We are a long way from seeing an arena and NBA team in Seattle. Yet if I were a Sacramento Kings fan worried about losing my team I’d be far more worried about what is happening in Seattle than the long-shot possibility in Virginia Beach.
PBT reported yesterday that the Maloofs already turned down an offer to buy the Kings from Chris Hansen, the guy behind the Seattle project.
To that end, the Seattle project took a big step forward because Hansen has bought all the land he needs to build the stadium, reports the Seattle Post Intelligencer.
According to public records, Hansen’s real-estate group, WSA Properties LLC, closed Tuesday on the parcel of land at 1700 First Ave. S., where the Showbox Sodo currently stands. The purchase price was $8 million; the property was last appraised at a value of $3.36 million earlier this year, according to tax records.
The property is one of the last puzzle pieces in Hansen’s plan to build a new arena on that block. His group has purchased most of the land between South Massachusetts and South Holgate Streets between First Avenue South and the train tracks. With another property in escrow, according to the Puget Sound Business Journal, Hansen now controls all the property he has said he needs for the arena project.
There is still some issue about how the Seattle arena gets financed, and there are the design and environmental issues to deal with. Plus the Mariners do not like another arena that could clog traffic in their area.
But these are the kind of challenges every arena getting built faces. Seattle is just a lot farther along in the process than the Virginia Beach. And frankly, Kansas City is ahead of both of them with an already open Sprint Center ready for a team.
With the cooler-than-I-expected solar eclipse on Monday came a lot of bad solar eclipse jokes on Twitter. Because that’s what Twitter does. Especially the NBA Twitterverse. We knew a lot of “where on the flat earth will Kyrie Irving watch the eclipse?” jokes were coming.
There were a couple of good ones, however.
Appropriately, the Phoenix Suns won the day.
One personal favorite here, an old meme that never goes out of style.
The NBA, at the Pacers’ request, is investigating whether the Lakers tampered by making impressible contact with Paul George.
Bob Kravitz of WTHR
In fact, there’s word that other small- and mid-market team officials have reached out to the Pacers and told them, “Good for you. Fight the good fight.”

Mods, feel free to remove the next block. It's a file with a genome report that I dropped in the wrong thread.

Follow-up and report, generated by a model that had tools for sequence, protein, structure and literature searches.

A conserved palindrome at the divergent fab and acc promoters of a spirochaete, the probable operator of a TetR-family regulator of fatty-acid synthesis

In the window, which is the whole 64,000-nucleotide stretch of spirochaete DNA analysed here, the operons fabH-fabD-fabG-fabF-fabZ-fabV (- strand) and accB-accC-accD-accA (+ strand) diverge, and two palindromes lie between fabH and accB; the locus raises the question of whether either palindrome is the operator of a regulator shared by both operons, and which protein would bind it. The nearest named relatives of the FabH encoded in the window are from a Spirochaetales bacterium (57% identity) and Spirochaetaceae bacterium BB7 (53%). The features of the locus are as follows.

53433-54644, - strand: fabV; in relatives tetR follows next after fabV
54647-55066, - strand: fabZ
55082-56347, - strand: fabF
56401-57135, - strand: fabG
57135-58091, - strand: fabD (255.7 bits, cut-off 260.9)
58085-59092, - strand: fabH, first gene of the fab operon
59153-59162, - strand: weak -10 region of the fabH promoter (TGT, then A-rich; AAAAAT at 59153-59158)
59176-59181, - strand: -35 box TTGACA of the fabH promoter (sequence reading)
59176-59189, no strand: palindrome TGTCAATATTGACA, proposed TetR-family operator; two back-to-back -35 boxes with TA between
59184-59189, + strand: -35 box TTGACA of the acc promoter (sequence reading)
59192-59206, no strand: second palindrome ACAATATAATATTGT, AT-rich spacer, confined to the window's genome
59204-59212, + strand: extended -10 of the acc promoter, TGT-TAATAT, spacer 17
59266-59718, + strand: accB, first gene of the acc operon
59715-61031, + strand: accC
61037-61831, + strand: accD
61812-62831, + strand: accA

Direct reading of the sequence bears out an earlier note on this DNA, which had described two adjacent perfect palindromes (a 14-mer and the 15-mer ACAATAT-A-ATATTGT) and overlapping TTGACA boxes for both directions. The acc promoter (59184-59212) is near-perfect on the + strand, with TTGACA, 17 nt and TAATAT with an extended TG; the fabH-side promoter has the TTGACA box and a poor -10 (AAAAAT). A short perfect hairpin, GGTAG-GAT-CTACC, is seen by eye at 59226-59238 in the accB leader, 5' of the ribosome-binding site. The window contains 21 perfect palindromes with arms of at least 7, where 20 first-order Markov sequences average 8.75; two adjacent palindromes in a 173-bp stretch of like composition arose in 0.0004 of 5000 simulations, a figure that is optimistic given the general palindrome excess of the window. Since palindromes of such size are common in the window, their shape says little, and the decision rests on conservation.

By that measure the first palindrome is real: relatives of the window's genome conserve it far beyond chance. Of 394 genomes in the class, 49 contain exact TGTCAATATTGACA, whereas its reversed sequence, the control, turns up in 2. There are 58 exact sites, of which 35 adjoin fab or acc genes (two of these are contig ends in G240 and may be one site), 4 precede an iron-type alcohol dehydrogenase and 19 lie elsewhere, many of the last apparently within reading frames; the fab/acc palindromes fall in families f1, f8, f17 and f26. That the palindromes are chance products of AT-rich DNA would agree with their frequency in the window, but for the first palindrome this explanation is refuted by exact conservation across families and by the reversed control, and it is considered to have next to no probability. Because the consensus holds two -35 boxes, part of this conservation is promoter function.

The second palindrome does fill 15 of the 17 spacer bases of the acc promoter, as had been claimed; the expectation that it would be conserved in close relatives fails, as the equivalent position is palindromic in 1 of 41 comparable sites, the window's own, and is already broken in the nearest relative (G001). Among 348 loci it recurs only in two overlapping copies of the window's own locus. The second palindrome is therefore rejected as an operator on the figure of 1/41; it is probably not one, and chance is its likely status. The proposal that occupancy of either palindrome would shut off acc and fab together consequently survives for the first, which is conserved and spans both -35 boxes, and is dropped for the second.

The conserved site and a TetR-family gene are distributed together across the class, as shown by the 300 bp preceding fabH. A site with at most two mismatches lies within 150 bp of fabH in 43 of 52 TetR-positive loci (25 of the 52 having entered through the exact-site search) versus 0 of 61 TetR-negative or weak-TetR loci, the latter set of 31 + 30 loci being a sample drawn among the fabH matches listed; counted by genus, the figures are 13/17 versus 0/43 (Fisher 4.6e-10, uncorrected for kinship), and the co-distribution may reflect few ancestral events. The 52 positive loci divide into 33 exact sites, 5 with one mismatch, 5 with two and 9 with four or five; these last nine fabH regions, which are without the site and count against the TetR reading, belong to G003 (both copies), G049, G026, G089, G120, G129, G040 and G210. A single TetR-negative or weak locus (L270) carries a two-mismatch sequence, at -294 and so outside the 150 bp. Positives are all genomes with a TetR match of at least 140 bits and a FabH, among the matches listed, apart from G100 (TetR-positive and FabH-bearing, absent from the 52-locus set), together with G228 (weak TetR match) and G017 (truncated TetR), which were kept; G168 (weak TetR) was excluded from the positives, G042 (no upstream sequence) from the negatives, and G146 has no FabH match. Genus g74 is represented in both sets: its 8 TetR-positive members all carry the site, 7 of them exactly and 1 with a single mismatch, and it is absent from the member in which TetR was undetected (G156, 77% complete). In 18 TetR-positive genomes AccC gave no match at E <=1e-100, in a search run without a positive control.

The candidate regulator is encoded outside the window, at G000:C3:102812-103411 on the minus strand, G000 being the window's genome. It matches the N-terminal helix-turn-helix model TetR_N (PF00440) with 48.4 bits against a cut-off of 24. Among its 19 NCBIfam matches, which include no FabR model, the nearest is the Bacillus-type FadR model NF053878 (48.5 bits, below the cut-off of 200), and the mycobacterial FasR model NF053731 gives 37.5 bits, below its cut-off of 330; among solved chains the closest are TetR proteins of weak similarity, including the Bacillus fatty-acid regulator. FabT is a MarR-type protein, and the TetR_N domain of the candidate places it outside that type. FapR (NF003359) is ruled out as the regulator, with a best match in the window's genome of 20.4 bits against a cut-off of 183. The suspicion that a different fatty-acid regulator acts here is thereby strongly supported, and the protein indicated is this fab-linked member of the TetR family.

Small-market teams whine too much about the disadvantages they face, but tampering isn’t really a market-size issue. Remember, under Mitch Kupchak, the Lakers were known as the only team that didn’t tamper.
The Lakers have advantages because George is from the area, and Los Angeles offers immense marketability. That’d be true whether or not they contacted George or his agent before he officially became a free agent.
I understand the desire to take down the big, bad Lakers – especially now that they appear poised to become truly big and bad again. But it’s hard to find a team that can cast a stone at them from anywhere other than a glass house.
The power dynamics within the Clippers are shifting, and the ground apparently hasn’t settled yet.
Doc Rivers has been stripped of his presidency. Jerry West became a consultant. Lawrence Frank now holds the most prestigious title in the front office, and newly hired Michael Winger will report to him. Also falling under Frank in the organizational chart? Trent Redden.
Kevin Arnovitz of ESPN:
Longtime Cleveland Cavaliers executive Trent Redden will join the LA Clippers’ front-office staff as assistant general manager, league sources said on Monday.
Redden was ousted in Cleveland with David Griffin. He’ll help the Clippers simply by providing another capable executive. They’ve long needed to add front-office employees (and pay for them).
But Redden also exacerbates the issue of Frank’s underlings having far more front-office experience than him. As the Clippers try to establish their new setup, we’ll see whether that creates complications.
Warriors coach Steve Kerr has missed significant time the last two seasons due to complications from back surgery.
Could those issues derail his career?
Kerr, via Scott Ostler of the San Francisco Chronicle:
“I fully expect to coach all year,” Kerr says in a no-nonsense tone. “That’s my expectation. And for many years to come.”
On the most basic level, it’d be good if Kerr feels well enough to coach. The headaches sound miserable, regardless of his job.
But it’d also be ideal if the NBA didn’t lose one of its best coaches just as he’s getting started. The 51-year-old Kerr might wind up the greatest coach of all time. Obviously that’s a long way off, but he has that potential – health permitting.